Mechanisms for Energy Harvesting Harvestable energy –mechanical, thermal, photovoltaic, electromagnetic, biological, and chemical. Mechanical (most prevalent) –wind, limb movement, strain, ambient vibration, car wheel rotation, etc… Key differences in system –Output power level –AC vs. DC –Dynamic range –Impedance modeling AC power: windmills, magnetic coil generators, piezoelectric generators, and magnetic induction DC power: thermal and photovoltaic Options –Rectify current –Design self-timed circuits will run directly rectified AC power with min conversion loss. –Even DC need to obtain different voltage levels – more conversion loss.
System Design Issues Voltage and Current Need high voltage – power or charge (voltage regulators) Linear (analog/RF) vs. switching (digital) regulators Switching divided into buck, boost, buck-boost. Buck - perform voltage step-down (efficient) but input must be higher than output. Boost - voltage step-up (less efficient) Buck-boost: combination Battery: act as supplier/consumer need 2 voltage regulators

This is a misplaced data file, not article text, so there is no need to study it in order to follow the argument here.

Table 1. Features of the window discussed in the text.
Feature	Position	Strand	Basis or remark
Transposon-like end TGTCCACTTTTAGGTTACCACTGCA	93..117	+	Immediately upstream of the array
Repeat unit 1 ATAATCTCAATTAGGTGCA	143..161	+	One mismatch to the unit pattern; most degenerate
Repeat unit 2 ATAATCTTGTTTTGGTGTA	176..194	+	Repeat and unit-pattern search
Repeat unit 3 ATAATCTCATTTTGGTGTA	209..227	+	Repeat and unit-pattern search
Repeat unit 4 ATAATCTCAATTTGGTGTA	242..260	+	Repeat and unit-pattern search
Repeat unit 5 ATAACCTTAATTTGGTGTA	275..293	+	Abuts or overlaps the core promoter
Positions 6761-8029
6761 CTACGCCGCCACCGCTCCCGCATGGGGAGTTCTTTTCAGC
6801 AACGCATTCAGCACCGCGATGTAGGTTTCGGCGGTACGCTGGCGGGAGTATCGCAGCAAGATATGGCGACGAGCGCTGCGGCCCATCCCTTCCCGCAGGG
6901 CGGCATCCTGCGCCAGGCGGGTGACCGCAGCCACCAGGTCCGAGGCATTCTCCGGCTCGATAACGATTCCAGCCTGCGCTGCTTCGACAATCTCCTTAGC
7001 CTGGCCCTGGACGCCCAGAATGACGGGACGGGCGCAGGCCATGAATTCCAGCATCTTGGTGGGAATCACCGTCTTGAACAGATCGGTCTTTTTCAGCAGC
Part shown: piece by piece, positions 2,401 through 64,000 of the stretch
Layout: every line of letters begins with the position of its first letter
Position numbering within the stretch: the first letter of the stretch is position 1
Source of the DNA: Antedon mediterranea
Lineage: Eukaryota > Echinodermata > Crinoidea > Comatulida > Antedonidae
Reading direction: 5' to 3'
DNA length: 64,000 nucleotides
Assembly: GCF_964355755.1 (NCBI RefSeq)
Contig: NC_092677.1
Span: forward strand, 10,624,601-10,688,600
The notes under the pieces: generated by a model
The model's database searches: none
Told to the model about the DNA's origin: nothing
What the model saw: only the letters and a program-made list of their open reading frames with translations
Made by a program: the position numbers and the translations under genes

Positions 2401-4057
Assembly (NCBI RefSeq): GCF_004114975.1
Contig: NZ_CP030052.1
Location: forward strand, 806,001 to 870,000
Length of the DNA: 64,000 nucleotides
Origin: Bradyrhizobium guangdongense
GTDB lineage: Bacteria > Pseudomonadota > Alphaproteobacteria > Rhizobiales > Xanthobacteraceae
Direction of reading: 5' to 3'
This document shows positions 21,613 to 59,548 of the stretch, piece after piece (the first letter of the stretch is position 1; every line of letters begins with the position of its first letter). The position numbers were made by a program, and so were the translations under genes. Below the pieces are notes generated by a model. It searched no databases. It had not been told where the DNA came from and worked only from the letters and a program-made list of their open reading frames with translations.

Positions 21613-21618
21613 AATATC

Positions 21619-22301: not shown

System Design Issues Voltage and Current Overall conversion efficiency dependent on operating range not just input/output. Internal power fragmentation problem –What happens when power entering system lower than conversion? Solution: use boost regulator raise voltage above threshold (less efficient). Another problem: dynamic voltage range (choose alternative cap composition, parallel vs. series).
System Design Issues Maximum Power Point Tracking Drawing power energy harvesting source at level maximizes power output. DC: When the supply and load impedance matched. AC: related resonant frequency of device along with magnitude of physical oscillation. Not standard but without consideration losses 65-90%.
How measure MPPT? Input intensity must be know either before or after electricity conversion. Ex: solar power (DC) –Determined mainly by light intensity then temperature. –If take before, then need 2 sensors, one for light and one for temperature (temp sensor inaccurate and small compared solar panels). –After- measure voltage and current levels (only works if battery or cap to power system while load disconnected). AC: power maximized rectifier voltage ½ open circuit voltage